Short­age of mon­keys slowed down Eli Lil­ly's Covid-19 an­ti­body part­ner. And it's a prob­lem for every­one

It may not be sur­pris­ing that Shang­hai Jun­shi Bio­sciences has pushed back some clin­i­cal tri­als to pri­or­i­tize its Eli Lil­ly-part­nered Covid-19 an­ti­body. But what ex­act­ly was suck­ing up their time is al­most cer­tain to raise some eye­brows: The com­pa­ny spent months find­ing enough mon­keys on which to test the ex­per­i­men­tal drug.

Jun­shi’s plight high­lights a se­ri­ous, if oft-un­der­looked, chal­lenge that’s be­set the whole bio­med­ical re­search en­ter­prise. Test­ing a mol­e­cule on non-hu­man pri­mates is of­ten a cru­cial fi­nal step be­fore it can be moved in­to the clin­ic, but a con­flu­ence of fac­tors have re­sult­ed in a short­age in both the US and Eu­rope just as drug­mak­ers were scram­bling to put their ex­per­i­men­tal pro­grams through tri­als at record speed.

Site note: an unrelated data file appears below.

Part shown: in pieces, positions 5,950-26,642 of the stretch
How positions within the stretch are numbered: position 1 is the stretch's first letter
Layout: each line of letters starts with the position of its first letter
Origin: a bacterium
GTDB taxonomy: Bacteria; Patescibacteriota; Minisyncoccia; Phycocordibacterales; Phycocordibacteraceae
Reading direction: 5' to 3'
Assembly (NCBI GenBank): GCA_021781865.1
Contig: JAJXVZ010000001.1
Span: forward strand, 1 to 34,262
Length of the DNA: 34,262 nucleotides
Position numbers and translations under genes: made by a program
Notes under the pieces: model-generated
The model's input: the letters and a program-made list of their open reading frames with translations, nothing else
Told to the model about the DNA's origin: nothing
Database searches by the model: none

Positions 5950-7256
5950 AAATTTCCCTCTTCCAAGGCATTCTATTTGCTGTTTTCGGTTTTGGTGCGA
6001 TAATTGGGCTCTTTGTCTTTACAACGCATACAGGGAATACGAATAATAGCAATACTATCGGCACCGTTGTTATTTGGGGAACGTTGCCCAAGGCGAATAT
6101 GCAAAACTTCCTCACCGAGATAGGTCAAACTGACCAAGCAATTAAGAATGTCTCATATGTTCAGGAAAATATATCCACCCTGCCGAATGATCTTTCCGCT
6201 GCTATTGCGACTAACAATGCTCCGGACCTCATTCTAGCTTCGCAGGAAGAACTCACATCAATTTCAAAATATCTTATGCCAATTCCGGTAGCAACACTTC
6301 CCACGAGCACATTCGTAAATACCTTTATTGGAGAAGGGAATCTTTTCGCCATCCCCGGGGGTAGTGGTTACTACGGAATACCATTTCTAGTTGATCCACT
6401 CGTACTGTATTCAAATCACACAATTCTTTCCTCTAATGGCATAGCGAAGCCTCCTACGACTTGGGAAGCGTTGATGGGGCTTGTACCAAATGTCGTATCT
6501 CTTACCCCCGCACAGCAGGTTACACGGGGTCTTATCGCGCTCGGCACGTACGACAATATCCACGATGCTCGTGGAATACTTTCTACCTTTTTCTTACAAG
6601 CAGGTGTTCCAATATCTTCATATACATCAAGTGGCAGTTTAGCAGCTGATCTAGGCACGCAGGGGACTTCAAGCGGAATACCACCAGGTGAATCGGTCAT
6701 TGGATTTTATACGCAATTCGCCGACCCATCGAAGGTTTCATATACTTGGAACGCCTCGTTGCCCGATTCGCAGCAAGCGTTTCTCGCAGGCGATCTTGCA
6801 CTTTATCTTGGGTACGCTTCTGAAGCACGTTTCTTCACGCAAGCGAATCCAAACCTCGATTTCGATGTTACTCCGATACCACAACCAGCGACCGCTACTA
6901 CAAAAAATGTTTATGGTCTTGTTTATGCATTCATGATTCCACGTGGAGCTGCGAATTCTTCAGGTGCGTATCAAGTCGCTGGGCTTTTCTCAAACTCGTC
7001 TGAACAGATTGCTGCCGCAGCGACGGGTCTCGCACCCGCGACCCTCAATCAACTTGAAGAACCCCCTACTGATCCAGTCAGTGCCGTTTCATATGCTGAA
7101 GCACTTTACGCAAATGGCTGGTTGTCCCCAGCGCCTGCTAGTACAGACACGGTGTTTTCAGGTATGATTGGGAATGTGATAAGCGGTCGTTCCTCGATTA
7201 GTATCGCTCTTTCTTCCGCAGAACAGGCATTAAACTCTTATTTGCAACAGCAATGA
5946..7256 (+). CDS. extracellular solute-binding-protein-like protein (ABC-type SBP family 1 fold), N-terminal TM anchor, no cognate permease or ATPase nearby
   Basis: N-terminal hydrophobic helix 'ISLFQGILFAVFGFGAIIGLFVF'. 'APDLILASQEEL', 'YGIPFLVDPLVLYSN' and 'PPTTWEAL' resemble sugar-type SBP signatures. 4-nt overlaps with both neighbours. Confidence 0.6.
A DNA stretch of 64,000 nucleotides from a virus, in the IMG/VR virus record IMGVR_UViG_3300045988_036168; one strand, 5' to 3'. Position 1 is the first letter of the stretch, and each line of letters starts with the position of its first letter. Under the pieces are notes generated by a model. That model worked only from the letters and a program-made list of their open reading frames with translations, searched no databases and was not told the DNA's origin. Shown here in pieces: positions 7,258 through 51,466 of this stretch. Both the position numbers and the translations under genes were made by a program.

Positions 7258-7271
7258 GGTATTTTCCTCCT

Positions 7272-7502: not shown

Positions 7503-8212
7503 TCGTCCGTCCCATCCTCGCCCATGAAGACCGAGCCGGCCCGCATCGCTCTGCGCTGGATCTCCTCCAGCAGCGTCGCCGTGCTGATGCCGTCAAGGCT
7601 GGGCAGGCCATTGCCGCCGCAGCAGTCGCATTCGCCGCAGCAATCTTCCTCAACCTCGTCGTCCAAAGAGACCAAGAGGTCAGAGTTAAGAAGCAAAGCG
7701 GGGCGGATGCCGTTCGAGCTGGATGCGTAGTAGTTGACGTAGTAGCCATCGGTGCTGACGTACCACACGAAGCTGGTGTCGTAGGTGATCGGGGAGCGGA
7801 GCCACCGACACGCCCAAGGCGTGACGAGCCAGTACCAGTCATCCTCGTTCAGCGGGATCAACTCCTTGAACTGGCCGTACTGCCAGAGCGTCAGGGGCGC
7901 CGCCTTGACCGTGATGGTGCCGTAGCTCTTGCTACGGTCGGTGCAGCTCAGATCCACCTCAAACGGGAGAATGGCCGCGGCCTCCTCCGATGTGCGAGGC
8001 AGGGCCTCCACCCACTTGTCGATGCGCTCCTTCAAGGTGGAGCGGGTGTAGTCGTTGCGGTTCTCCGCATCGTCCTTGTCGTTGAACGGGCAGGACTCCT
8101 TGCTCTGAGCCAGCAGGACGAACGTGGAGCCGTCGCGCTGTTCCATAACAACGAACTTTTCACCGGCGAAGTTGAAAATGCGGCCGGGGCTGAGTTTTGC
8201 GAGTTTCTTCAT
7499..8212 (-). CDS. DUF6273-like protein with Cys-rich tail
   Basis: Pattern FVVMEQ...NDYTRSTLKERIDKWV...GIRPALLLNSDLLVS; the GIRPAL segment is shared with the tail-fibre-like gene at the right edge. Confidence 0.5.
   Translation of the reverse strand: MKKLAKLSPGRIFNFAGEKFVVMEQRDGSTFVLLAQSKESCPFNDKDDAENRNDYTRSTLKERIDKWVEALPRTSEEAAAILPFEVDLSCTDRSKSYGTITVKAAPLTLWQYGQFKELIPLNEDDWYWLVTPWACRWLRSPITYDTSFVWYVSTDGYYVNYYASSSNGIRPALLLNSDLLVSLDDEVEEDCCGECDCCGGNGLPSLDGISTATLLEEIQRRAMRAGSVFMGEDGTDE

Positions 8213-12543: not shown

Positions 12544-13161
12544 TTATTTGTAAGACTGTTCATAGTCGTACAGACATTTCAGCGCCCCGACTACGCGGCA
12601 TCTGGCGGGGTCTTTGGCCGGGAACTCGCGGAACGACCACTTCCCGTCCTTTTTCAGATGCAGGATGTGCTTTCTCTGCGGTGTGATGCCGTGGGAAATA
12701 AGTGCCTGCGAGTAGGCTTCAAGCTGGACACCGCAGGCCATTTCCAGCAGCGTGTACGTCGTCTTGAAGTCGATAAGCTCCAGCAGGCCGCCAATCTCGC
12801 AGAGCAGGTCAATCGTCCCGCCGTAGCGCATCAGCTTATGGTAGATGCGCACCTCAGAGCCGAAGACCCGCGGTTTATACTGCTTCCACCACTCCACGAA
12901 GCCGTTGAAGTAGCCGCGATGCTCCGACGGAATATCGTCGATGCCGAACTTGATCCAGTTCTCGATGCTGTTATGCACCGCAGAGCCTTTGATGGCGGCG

Jun­shi COO Feng Hui told in­vestors on a call on Fri­day that the short­age was acute be­tween Feb­ru­ary and June, when the biotech was com­pet­ing with oth­er com­pa­nies and in­sti­tutes.

But the is­sue re­mains un­re­solved. Just days ago, the Eu­ro­pean An­i­mal Re­search As­so­ci­a­tion brought at­ten­tion to a “grow­ing short­age of pur­pose-bred macaque mon­key” used in Covid-19 and oth­er vi­tal re­search.

One of the main bot­tle­necks is how Chi­na, a main source of mon­keys for med­ical re­search, has banned the ex­port from breed­ing fa­cil­i­ties since the be­gin­ning of 2020 cit­ing con­cerns about the spread of the coro­n­avirus.

“The on­go­ing em­bar­go is now be­gin­ning to have se­ri­ous con­se­quences for re­search in Eu­rope and the rest of the world,” the group wrote in a state­ment. Kirk Leech, the ex­ec­u­tive di­rec­tor, added: “Mon­keys play a crit­i­cal role in the de­vel­op­ment of vac­cines, such as those for Covid-19, and ur­gent in­ter­na­tion­al co-op­er­a­tion is need­ed to lift the ban.”